Anyway, so, who is going to the SEA Games?

Asia's Perfect 10 v2.0

Welcome to "ASEAN - Asia's Perfect 10" blog version 2.0!

We hope you enjoy the new design and layout. A good timing for the recently signed ASEAN Constitution and ASEAN Economic Blueprint.

Now let's go back to our usual ASEAN discussions and let's learn more of our culture, rich histories, and traditions!


South-Western landscape in cambodia

South-Western landscape in cambodia

Water Festival in Cambodia

Water FestivalWater festival is one of the national festival and holidays in Cambodia. It is celebrated in the mean to thanks to the Mekong River which provides water for the crop and to welcome new harvest season. (read more by clicking on the link....)


welcome dee dee and allen

We are proud and delighted that we receive two new assistants. They are Dee Dee, from Cambodia and Allen from Philippine. We hope to see more from them.

Welcome Dee Dee and Allen

We are proud and delighted that we receive two new assistants. They are Dee Dee, from Cambodia and Allen from Phillippine.

Collect Pearls in the Orient

It may not be new to the Philippines being banned on travel guides by other countries because of countless turmoils that's happenning. Sad as it seems, the Pearl of the Orient's scattered beauty falls to a blur.
But now that its facing a (some kind of) period of peace, let me tell you something about what the Philippines looks like and, maybe, bring more visitors to the archipelago.

Like most Asian cities, Manila, its capital, wasn't designed by architects and engineers that's why it ended up with a residencial house beside hardwares. But nevertheless, the Republic has made all efforts to make it a better place to live in.

Manila flourished around the 1600s when the Spanish invaded the ancient settlement and drove away the natives headed by Rajah Sulayman. The spanish took away the settlement and built a fort on the mouth of the Pasig River to what is now the ruins of Fort Santiago. Manila grew and the invaders built Intramuros, the walled moor. In it, they built the majestic Manila Cathedral and facing it is the Palacio del Gobernador, the former residence of the Governors-General.

Yet all of them vanished. When the japanese arrived in 1945, the city was heavily bombarded and the city was left in havoc. The only structure left standing in Intramuros was the San Agustine Church and the Manila City Hall which was situated outside the walls (used as temporary hospital by the americans). So what? The governemnt reconstructed it anyway. Now, Intramuros and its walls stand sturdily over the city. And the once-ruined structures were rebuilt. Nice isn't it?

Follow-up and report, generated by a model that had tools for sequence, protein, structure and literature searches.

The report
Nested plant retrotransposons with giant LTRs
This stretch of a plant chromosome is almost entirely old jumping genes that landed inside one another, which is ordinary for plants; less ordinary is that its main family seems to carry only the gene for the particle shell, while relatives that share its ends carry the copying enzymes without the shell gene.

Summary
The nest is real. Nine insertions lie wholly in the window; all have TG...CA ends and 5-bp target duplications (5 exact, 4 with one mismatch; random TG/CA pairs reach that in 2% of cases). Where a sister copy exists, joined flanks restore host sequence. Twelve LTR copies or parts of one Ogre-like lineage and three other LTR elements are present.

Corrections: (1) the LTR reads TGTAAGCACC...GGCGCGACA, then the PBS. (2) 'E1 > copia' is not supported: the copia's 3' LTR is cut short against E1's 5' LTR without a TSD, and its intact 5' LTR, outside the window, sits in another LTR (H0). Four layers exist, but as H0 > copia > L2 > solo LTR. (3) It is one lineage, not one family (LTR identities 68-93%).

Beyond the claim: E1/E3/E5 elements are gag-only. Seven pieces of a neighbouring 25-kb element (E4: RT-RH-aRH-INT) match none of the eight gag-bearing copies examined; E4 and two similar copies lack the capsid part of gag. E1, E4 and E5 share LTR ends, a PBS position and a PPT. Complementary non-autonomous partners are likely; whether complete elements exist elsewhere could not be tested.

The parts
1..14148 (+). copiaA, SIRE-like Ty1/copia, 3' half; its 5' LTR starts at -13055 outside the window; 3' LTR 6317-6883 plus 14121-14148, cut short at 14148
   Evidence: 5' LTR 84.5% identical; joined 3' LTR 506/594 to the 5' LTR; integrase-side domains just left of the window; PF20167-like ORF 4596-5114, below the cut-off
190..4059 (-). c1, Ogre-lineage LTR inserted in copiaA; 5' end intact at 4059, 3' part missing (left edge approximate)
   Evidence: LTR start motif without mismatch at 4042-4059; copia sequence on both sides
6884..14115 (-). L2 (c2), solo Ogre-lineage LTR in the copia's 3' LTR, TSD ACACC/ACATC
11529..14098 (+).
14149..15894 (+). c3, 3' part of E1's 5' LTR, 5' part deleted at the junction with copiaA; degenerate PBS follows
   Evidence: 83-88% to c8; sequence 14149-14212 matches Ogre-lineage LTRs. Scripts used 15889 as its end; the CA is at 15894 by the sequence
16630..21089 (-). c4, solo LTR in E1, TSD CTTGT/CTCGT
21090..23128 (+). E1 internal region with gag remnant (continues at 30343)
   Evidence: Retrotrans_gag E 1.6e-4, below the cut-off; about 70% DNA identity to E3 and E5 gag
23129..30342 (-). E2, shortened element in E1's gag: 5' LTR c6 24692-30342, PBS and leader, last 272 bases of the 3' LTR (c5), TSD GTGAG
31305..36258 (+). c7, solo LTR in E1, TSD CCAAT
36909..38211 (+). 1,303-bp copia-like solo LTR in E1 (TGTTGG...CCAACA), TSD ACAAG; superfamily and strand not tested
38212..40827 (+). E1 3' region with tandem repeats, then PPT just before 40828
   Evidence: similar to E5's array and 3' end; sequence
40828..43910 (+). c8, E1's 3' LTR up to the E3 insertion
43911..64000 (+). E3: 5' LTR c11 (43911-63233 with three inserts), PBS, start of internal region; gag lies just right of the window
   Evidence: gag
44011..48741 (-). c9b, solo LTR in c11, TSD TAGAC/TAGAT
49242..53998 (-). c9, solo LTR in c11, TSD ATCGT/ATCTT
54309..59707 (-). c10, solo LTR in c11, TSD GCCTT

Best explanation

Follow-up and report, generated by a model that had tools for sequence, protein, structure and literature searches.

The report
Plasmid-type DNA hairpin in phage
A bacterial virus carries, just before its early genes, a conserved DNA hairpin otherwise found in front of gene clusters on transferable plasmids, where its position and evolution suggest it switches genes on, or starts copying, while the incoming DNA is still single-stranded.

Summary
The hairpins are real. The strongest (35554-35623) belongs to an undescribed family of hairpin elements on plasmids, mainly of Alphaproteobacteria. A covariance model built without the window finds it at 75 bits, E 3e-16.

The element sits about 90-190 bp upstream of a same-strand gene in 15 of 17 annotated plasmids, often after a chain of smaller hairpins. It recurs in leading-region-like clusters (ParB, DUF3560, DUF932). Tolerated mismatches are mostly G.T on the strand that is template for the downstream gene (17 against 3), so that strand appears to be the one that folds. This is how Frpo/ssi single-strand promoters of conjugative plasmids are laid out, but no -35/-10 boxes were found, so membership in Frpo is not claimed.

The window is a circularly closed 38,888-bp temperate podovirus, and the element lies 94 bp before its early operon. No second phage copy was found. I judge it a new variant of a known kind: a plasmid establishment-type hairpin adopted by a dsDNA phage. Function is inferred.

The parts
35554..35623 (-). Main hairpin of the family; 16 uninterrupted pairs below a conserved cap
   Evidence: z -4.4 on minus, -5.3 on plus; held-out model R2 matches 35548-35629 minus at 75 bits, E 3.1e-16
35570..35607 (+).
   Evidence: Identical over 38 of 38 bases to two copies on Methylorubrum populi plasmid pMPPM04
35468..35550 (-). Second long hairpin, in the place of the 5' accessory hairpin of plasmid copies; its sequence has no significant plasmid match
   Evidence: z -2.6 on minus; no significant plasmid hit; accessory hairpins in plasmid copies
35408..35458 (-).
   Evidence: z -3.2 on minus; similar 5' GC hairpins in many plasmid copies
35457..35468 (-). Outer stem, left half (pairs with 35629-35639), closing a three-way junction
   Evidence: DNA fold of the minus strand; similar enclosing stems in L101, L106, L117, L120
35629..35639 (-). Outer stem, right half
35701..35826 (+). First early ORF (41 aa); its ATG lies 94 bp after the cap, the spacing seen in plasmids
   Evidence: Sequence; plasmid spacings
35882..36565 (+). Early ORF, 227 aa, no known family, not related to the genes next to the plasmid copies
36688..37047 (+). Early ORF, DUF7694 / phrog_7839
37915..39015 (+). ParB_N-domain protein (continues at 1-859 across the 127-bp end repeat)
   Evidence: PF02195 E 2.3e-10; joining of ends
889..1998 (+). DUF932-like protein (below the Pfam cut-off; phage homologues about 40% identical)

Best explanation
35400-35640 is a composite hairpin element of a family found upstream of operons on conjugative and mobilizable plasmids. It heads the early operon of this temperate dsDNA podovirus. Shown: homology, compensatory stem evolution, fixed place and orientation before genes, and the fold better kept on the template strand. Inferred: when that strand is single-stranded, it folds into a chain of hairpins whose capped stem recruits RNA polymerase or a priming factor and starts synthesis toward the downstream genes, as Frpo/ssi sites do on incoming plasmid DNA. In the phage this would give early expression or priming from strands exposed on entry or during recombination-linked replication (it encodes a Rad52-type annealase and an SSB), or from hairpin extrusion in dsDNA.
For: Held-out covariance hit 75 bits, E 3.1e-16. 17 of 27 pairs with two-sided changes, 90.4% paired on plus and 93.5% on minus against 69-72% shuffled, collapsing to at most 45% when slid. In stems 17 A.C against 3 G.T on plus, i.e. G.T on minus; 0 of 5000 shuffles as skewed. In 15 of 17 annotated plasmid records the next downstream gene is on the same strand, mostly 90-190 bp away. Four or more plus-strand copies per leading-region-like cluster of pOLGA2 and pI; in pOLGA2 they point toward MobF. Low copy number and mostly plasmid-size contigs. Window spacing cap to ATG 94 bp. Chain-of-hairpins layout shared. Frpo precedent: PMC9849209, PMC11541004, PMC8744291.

Oh my, am I talking so long? So what does the Philippines have for tourists to visit?



While other world-class cities clamour to beautify their streets and erect tall buildings, the Philippines stay as simple as it can be. Doing what they are used to everyday. It may sound boring, right?

Maybe not.

If Rio de Janeiro boasts of its world-class Carnival, the Philippines is very proud to show the world of its countless festivals all year round. They have street dancing, lechon (roast pork with an apple in the mouth), sounds ( the usual bands), foods in every houses (we call it "handa"), beauty pageants and most of all, the games.

Thanks to the Italians for giving us spaghetti, applause to the Chinese for giving us noodles but you may thank the Filipinos for giving you, Pancit Habhab and Pancit Luglog. Some of the various delicacies of noodles that keeps tourists coming back for more.

The Philippines may be very late in technology unlike Germany and the United States but we have other means of transportation that will take you to your dreams(wow!), the Philippines is famous for its jeepneys that taxis along the streets of Manila. We also have the "calesa" a horse-drawn rickshaw inspired from the spanish. Afraid of riding one? Don't worry, we have cabs and buses anyway.